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Delphi Still Fighting the War Lost Years Ago

· Java Zone

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Embarcadero announced the release of the Delphi XE Starter edition for building native windows applications. I spent many years as a Delphi developer before I made the switch to Java while the Delphi programming language and tools were top notch at the time. However, with the years of abuse at the hands of Borland and then Codegear, it fell way behind. Java IDEs in general are far superior with a lot of attention paid to the actual code aspects of the IDEs while Delphi was very GUI centric and provided superior visual editors. Of course, Delphi is very rigid in how you build applications while Java provides a lot more flexibility to the point of having too much flexibility (the story of Java’s life).

I bought my last version of Delphi a few years ago, I think it was Delphi 10/2006, it cost several hundred dollars and it was a real stinker. I swore I would never buy another version with my hard earned cash. Even at the office we reverted back to Delphi 6 (from 2001 so it was 5 years old) because it was just horrible.
I think at that point, with the release of .net and Visual Studio which was then starting to be given away free, the writing was on the wall. Stuck between the free competitor IDEs , Codegear and then Embracadero were still trying to push a high priced IDE that nobody really wanted in the first place since, albeit rather unjustly, Delphi adoption has never been high.

So now we have a new version, priced at just $199, where you can choose to use a limited version of a dead language (and probably with licensing restrictions). I always find it interesting to see which features they leave out of the basic version, let’s take a look at the Feature Matrix :

  • No Code formatting
  • No Class Explorer
  • No autocompletion for DTD based documents
  • No To-Do Lists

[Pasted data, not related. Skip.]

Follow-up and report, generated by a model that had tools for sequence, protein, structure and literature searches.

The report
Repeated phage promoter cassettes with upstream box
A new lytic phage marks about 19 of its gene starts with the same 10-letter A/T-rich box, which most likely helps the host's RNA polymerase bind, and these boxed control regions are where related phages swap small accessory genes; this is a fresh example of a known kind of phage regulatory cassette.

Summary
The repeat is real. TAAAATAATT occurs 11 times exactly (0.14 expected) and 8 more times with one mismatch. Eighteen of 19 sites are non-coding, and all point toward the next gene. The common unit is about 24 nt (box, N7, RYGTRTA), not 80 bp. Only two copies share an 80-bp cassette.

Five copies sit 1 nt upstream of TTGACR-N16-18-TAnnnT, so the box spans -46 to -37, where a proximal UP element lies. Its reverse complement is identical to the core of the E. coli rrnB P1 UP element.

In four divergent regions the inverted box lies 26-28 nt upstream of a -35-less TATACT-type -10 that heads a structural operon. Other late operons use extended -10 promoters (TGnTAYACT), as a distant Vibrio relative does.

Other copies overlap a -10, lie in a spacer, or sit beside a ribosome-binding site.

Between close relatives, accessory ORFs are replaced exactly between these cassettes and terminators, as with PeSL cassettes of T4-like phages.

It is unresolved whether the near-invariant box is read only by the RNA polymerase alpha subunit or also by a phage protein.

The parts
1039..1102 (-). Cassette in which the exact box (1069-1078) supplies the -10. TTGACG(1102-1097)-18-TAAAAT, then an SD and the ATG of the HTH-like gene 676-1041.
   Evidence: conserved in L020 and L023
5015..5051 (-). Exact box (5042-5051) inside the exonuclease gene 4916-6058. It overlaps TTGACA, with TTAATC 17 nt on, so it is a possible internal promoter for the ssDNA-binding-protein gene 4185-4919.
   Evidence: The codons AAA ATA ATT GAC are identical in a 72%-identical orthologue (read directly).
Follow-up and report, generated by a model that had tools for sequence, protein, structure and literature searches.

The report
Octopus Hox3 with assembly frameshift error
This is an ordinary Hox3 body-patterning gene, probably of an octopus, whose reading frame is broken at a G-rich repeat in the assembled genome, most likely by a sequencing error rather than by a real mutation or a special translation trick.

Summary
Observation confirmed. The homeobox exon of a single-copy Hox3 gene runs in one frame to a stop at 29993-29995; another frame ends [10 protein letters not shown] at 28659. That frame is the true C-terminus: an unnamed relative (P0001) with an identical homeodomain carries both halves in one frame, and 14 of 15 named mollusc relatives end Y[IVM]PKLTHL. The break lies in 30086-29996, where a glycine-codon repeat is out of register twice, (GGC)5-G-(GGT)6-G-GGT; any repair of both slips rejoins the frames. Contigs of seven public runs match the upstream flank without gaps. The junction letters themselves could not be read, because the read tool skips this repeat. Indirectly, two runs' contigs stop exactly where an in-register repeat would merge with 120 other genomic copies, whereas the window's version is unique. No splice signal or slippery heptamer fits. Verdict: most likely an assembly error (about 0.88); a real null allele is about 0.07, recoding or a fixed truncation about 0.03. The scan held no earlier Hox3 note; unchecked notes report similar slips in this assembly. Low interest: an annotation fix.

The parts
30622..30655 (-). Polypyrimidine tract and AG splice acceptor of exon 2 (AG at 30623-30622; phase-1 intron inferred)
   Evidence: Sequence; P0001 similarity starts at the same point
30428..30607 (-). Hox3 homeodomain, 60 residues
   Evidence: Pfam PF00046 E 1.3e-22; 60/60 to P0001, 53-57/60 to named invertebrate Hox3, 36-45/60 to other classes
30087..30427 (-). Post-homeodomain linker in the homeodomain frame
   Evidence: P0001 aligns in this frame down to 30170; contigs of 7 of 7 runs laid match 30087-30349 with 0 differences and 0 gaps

• No refactorings
  • No diagramming of any kind
  • No unit testing
  • NO DATABASE SUPPORT (except for Interbase)
  • No logging
  • No Reports
  • No network components

Eh, I could go on but I won’t, to anyone familiar with something like Eclipse most of these items are the basic elements of any IDE that you wouldn’t want to do without. The point is, for $199 today, you can have an IDE from 15-20 years ago. For an extra $600 you can have the professional version which gets you all the basics, but not much more. To create multi-tier datasnap applications, you are looking at spending thousands on an enterprise or architect license. Compare this to the range and scope of the Java APIs that you can get and use for free, whether it be data access, network components, web frameworks or a variety of web servers.

When I moved from Delphi to Java, or even .net, it was like coming out from under a rock and seeing the surface of the Earth for the first time. I have no desire to pay $199 to go back under there.

The Delphi Market

Of course, there is a market for Delphi, there are plenty of places that use it internally for applications, and it really is one of the best ways currently to produce native applications for Windows which after all is still a rather huge market. These people see enough value in upgrading that there is still a market in there, although given the turbulent ownerships of Delphi, probably not a very good one. Meanwhile, Borland was bought by Micro Focus in May 2009.

I tend to object to the calls for something to be made free and open source simply because someone likes it. It simply ignores the masses of time and money that went into making it. However, in this case, I think if Embracadero would like to see any kind of growth, it should look at slashing the prices. Granted, they may be quite happy with the small market of dedicated customers and if they are able to strike a fiscal balance with that, all the best to them.

While cutting prices might make it more attractive, it still might not generate demand (which is probably why they won’t do this). By some standards, the web is now the platform of choice and native apps are in less demand. For corporate customers, there is probably far more demand for web applications for which there are better tools than Delphi. Since code re-usability was never a strong point of Delphi, the ability to leverage existing code is probably minimal, especially given the stateless nature of the web and the stateful nature of a client/server Delphi application.

From http://www.andygibson.net/blog/article/delphi-still-fighting-the-battle-lost-years-ago/

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